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Br J Cancer. 1994 Mar;69(3):508-14.

Environmental and dietary risk factors for nasopharyngeal carcinoma: a case-control study in Zangwu County, Guangxi, China.

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  • 1Cancer Institute of Wuzhou, Guangxi Autonomous Region, People's Republic of China.

Abstract

A case-control study was conducted on 88 incident cases of histologically confirmed undifferentiated nasopharyngeal carcinoma (NPC) in Zangwu County, China, and 176 age- sex- and neighbourhood-matched controls. The design of this study was defined after an anthropological survey on living habits in regions of high NPC incidence and the evidence of carcinogenic substances in some commonly consumed preserved foods. Subjects were interviewed regarding living conditions and diet in the year preceding the diagnosis of NPC and, with the help of their families, during childhood and weaning. After adjustment for a living conditions score to eliminate a confounding effect, an increased risk associated with consumption of salted fish during weaning and childhood was confirmed, especially for salted fish in rice porridge. The consumption of leafy vegetables was associated with a reduced risk for NPC, and consumption of melon seeds between 2 and 10 years of age with an increased risk. After multivariate analysis and adjustment according to the living conditions score, the consumption of salted fish in rice porridge before age 2 (OR = 3.8, P = 0.005), exposure to domestic woodfire (OR = 5.4, P = 0.01) and consumption of herbal tea (OR = 4.2, P = 0.02) were found to be independently related to the risk of NPC. The excess risk associated with the use of domestic wood fire increased if there were no windows in the house and with poor ventilation and cooking outside the house in a shack. As well as confirming the importance of the consumption of salted fish in childhood, this study has been the first to provide unequivocal evidence for two other factors implicated in increasing the risk of NPC in China, the adult consumption of traditional medicines (herbal tea) and exposure to domestic wood fumes.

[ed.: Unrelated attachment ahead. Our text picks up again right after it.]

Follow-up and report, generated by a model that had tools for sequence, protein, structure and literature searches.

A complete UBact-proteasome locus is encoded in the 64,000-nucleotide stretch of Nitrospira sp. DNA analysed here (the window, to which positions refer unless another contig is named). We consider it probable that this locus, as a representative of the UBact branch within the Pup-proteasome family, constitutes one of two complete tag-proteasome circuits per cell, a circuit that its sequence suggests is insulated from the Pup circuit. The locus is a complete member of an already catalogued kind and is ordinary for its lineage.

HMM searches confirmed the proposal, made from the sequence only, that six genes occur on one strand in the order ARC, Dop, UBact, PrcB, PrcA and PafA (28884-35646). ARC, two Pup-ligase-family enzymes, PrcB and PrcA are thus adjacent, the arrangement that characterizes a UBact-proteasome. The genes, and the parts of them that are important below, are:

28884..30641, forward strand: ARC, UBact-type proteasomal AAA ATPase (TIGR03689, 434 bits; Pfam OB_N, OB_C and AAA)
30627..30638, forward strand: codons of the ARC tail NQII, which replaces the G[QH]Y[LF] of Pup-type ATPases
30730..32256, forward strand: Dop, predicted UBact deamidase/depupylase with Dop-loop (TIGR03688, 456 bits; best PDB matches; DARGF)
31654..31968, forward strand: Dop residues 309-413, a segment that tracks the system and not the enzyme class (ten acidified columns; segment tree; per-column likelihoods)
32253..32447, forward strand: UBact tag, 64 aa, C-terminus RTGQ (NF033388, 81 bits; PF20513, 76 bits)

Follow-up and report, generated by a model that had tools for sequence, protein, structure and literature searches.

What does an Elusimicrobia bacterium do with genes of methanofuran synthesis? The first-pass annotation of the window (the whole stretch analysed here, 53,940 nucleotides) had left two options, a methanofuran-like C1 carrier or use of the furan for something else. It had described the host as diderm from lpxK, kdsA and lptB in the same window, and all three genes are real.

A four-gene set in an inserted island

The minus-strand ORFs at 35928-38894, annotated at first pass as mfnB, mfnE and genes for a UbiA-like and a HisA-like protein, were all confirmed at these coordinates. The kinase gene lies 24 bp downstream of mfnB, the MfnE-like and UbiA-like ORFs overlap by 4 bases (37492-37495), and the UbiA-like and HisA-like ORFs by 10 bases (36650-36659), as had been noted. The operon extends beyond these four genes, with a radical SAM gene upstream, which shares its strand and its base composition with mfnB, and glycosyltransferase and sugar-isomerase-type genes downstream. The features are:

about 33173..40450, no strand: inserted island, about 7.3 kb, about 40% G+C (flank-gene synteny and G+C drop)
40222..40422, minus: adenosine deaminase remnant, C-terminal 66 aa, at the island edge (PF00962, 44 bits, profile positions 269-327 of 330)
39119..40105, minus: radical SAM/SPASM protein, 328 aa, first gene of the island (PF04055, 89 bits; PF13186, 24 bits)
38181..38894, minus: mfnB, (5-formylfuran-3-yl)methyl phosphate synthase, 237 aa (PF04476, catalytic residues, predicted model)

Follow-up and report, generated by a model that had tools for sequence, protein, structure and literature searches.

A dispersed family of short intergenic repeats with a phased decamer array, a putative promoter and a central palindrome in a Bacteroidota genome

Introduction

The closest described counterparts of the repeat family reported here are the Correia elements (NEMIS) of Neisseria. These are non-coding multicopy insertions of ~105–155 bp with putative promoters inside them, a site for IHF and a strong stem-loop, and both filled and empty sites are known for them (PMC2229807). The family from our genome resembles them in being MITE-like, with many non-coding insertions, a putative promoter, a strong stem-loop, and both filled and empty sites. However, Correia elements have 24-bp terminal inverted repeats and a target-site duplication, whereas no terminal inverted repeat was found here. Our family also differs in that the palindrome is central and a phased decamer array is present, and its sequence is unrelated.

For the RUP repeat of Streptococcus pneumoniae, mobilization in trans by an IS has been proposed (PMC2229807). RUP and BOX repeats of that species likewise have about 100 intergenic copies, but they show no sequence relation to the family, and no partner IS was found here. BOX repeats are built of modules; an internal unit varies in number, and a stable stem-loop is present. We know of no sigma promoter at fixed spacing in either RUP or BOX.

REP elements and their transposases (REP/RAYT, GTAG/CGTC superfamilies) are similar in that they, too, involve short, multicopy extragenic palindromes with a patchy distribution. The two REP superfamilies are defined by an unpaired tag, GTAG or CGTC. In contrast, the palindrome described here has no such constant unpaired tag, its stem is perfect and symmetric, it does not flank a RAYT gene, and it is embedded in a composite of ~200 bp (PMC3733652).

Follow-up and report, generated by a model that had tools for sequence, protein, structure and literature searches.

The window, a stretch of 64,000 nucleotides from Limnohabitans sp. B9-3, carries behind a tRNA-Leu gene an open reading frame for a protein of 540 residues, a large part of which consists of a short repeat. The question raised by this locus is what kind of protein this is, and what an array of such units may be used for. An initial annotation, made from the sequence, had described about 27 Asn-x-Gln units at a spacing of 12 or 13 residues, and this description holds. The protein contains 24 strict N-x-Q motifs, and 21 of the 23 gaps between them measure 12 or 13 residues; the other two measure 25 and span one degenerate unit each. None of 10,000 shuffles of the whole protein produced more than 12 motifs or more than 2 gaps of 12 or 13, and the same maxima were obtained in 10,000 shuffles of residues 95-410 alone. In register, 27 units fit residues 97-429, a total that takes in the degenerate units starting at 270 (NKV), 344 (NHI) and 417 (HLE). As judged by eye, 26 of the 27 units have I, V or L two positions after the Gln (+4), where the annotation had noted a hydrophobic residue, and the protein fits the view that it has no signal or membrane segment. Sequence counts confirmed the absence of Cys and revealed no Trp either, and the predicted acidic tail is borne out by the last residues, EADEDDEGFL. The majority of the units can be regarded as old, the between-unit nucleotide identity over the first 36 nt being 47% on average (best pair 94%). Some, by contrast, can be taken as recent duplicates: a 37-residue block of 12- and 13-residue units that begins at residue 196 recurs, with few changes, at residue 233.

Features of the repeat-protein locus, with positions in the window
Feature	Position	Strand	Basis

PMID:
8123482
[PubMed - indexed for MEDLINE]
PMCID:
PMC1968852
Free PMC Article
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